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Moves by Jeb Bush add to talk of 2016 candidacy

WASHINGTON — Jeb Bush's decision to release a policy-laden e-book and all his emails from his time as governor of Florida has further stoked expectations among his allies that he will launch a presidential bid.

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Ebby Halliday acquires Fort Worth’s Williams Trew

Williams Trew Real Estate of Fort Worth has been acquired by Dallas-based residential real estate brokerage Ebby Halliday Real Estate Inc.

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Meridian Bank Texas parent acquired by UMB Financial for $182.5M

Kansas City, Mo.-based UMB Financial Corp., the parent company of UMB Bank, said Dec. 15 it has signed a definitive agreement to acquire Marquette Financial Companies in an all-stock transaction.

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Cousins Properties to sell 777 Main tower in downtown Fort Worth

Cousins Properties Inc. has confirmed plans to sell the 777 Main office tower in downtown Fort Worth, according to a news release from the Atlanta-based real estate investment firm.

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Glen Garden sale closes, distillery on tap

Firestone & Robertson Distilling Co. closed late Wednesday on its purchase of the historic Glen Garden Country Club in southeast Fort Worth, with plans to convert it into a whiskey distillery and bucolic visitor attraction.

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Union members reject Bell Helicopter contract offer

Bell Helicopter Osprys in airplane mode.

 

A. Lee Graham
Reporter

Members of United Auto Workers Local 218 have rejected Fort Worth-based Bell Helicopter’s proposed three-year contract offer.
“UAW Local 218’s membership has spoken, and has rejected Bell Helicopter’s last and final offer by 85 percent no, 15 percent yes,” reads a post on the union’s website made after the Sunday vote.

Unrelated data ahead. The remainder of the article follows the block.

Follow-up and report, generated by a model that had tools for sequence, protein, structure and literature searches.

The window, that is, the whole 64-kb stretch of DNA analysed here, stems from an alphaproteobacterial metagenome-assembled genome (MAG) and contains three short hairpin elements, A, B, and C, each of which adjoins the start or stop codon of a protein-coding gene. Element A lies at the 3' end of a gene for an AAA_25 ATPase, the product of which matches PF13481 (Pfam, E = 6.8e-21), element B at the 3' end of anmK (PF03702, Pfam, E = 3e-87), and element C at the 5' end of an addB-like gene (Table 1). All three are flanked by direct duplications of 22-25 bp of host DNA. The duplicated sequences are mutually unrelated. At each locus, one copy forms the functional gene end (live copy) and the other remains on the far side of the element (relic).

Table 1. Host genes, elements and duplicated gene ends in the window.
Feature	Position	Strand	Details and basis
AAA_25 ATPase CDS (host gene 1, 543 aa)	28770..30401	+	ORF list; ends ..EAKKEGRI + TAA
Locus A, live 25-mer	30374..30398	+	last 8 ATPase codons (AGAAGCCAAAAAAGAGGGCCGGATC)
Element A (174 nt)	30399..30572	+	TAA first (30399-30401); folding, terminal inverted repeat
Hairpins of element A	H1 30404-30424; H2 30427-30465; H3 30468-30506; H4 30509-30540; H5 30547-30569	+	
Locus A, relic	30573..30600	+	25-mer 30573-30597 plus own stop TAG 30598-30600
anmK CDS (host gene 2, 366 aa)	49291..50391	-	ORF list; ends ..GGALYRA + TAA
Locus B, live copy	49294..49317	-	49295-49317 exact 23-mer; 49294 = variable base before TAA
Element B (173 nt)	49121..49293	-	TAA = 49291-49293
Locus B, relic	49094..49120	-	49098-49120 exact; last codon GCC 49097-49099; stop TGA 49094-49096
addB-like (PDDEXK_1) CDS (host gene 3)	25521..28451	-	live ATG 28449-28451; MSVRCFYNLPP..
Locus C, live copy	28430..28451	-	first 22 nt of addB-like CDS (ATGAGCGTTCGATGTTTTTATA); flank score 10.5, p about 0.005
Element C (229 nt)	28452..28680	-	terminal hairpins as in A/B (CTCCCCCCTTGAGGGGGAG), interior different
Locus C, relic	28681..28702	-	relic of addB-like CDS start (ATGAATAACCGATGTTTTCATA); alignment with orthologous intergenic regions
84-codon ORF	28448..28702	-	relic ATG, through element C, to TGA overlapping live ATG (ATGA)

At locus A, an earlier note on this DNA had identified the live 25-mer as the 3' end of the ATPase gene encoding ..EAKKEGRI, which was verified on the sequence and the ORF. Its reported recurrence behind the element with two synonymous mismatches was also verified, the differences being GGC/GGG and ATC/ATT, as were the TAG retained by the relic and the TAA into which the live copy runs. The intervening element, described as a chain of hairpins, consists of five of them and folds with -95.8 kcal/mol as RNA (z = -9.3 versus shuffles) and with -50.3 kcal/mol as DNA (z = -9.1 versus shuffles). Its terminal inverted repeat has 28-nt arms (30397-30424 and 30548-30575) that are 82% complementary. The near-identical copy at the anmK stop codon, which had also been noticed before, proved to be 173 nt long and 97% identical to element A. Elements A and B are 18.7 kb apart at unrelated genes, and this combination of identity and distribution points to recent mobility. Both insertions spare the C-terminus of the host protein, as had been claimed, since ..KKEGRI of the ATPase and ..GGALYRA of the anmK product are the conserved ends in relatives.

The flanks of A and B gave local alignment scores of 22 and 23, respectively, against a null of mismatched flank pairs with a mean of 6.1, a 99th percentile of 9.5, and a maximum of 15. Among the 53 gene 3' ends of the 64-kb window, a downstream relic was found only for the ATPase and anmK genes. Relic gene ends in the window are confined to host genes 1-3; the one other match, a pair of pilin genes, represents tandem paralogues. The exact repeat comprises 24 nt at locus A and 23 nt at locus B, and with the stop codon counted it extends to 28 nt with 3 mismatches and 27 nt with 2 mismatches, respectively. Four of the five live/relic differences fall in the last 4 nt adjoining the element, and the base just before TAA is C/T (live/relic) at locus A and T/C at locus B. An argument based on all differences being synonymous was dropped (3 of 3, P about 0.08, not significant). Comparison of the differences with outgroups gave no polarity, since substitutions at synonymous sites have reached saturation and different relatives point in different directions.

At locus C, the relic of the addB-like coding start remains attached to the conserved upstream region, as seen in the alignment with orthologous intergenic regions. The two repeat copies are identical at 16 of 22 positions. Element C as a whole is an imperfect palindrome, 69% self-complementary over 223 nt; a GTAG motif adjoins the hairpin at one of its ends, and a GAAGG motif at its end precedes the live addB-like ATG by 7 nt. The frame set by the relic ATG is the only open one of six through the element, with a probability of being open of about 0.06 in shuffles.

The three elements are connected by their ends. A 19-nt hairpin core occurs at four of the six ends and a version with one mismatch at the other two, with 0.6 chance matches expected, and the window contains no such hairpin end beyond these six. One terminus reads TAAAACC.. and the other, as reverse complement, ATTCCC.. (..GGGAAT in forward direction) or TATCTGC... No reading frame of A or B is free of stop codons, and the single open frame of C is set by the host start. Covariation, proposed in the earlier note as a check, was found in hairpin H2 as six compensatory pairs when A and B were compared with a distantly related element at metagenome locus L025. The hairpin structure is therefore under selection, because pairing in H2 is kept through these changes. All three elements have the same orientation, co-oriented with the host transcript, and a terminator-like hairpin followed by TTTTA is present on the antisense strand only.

Union officials on Friday said they had bargained “in good faith” with the company and planned to continue negotiating an agreement.
A Bell Helicopter spokesman said the company is “disappointed” in the union’s contract rejection.
“However, we will allow the employees represented by UAW Local 218 to continue to work on a temporary basis while Bell Helicopter and the UAW continue to negotiate,” said Bell Helicopter spokesman Bill Schroeder.
What Schroeder called a “highly competitive, world-class offer” included, on average, $15,682 in increased compensation per employee over the life of the agreement.
“The company has been, and continues to be, wildly profitable; yet the company seeks to fundamentally change and destroy the collective bargaining agreement that has helped achieve and maintain that profitability with the punitive and unnecessary proposals and changes,” the union said on its website.
As of Monday morning, the union had not announced whether it would go on strike or continue negotiations.
The union website instructed its members to report to work as scheduled “until further notice” and to check for further updates.
Contract negotiations have been ongoing since April 18. The union’s four-year agreement expired at midnight Sunday.
Bell and union members have been meeting since April to negotiate a contract. The union’s four-year agreement expired Sunday at midnight.

 

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